Text size:

  • Small
  • Normal
  • Large

Obama leads US, Commonwealth well wishers for UK royal baby

Commonwealth and the United States led the international congratulations to Britain's Prince William and his wife Kate on the birth of their first baby, a boy destined to become king.

PARIS // Commonwealth and the United States led the international congratulations to Britain's Prince William and his wife Kate on the birth of their first baby, a boy destined to become king.

Many Americans thrilled at the news of a new British royal, with President Barack Obama leading a chorus of well wishes.

Mr Obama and his wife Michelle wished William and Kate "all the happiness and blessings parenthood brings".

"Given the special relationship between us, the American people are pleased to join with the people of the United Kingdom as they celebrate the birth of the young prince," the president said in a White House statement.

The as yet unnamed royal baby automatically becomes third in line not only to the national throne but the other Commonwealth realms that have the British monarch as their head of state.

There are currently 16, including the UK, though that number could dwindle in the decades before the newest royal in likely to assume the crown.

Australian Prime Minister Kevin Rudd hailed the birth of the future king as a happy day for all in the Commonwealth, saying Prince William holds a special place in Australian hearts. The prince's wife Kate gave birth to a healthy male heir weighing 8lbs 6oz (3.8 kg) in London on Monday, providing both Britain — and Australia — with a future monarch. "We share in the joy of the royal family, particularly Prince Charles on the birth of his grandson, and Queen Elizabeth II on the birth of her great-grandchild," Mr Rudd said in a statement. "This is a happy day for our close friends in Britain and the Commonwealth." He added that "Prince William holds a special place in the hearts of many Australians", given he first visited Down Under as a nine-month-old baby more than 30 years ago, with Charles and Princess Diana.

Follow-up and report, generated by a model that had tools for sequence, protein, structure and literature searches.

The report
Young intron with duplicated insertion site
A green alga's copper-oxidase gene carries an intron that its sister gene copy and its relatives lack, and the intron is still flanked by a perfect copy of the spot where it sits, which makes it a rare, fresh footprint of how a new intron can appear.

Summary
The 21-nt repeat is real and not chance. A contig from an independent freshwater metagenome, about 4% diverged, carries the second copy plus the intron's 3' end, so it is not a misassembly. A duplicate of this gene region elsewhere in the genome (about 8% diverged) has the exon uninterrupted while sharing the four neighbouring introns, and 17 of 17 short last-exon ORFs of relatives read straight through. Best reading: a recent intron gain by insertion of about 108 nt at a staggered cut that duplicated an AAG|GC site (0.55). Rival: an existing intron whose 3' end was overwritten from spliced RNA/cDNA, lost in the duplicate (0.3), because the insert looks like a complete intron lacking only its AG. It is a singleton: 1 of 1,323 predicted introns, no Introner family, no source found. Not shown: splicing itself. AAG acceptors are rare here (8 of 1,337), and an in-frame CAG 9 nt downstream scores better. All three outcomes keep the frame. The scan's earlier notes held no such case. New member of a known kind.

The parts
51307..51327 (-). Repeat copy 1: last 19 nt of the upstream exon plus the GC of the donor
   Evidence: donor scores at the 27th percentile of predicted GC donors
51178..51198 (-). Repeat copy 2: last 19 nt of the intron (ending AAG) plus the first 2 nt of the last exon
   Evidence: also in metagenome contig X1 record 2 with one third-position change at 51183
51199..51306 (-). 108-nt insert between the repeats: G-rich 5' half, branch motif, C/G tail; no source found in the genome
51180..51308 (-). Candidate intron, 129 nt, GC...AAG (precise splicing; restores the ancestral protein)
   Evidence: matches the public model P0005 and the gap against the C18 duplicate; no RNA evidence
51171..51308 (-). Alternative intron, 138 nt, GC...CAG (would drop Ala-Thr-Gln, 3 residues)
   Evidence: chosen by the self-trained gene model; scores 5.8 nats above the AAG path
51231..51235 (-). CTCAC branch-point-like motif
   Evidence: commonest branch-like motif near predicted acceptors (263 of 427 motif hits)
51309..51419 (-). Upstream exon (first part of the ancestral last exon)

Support for the royals in former British colony Australia remains strong, although debate flares periodically about whether ties to the monarchy should be cut and the nation become a republic. A similar debate comes and goes in New Zealand, where Prime Minister John Key said the "wonderful news" of the royal birth would renew interest in the royals. He acknowledged that some people want the country to become a republic, but added: "I think that's quite a long way away." New Zealand is sending the baby a shawl made from fine New Zealand wool, while a 21-gun salute was planned in the capital Wellington to mark the occasion.

Canada's governor general also sent congratulations on behalf of his Commonwealth nation to William and Kate.

In a statement, Governor General David Johnston said he and his wife Sharon "would like to extend our warmest congratulations" to the royal couple.

Prime Minister Stephen Harper meanwhile tweeted: "On behalf of all Canadians, I offer our heartfelt congratulations to the Royal Couple & the entire Royal Family."

Toronto's CN tower and part of the Niagara Falls are to be bathed in blue light this evening to mark the birth. Officials also said they hoped Prince William and Kate would return to Canada with the baby, for a visit. The couple visited Canada on their first official foreign trip after marrying.

On Twitter, celebrities fell over each other with congratulatory messages.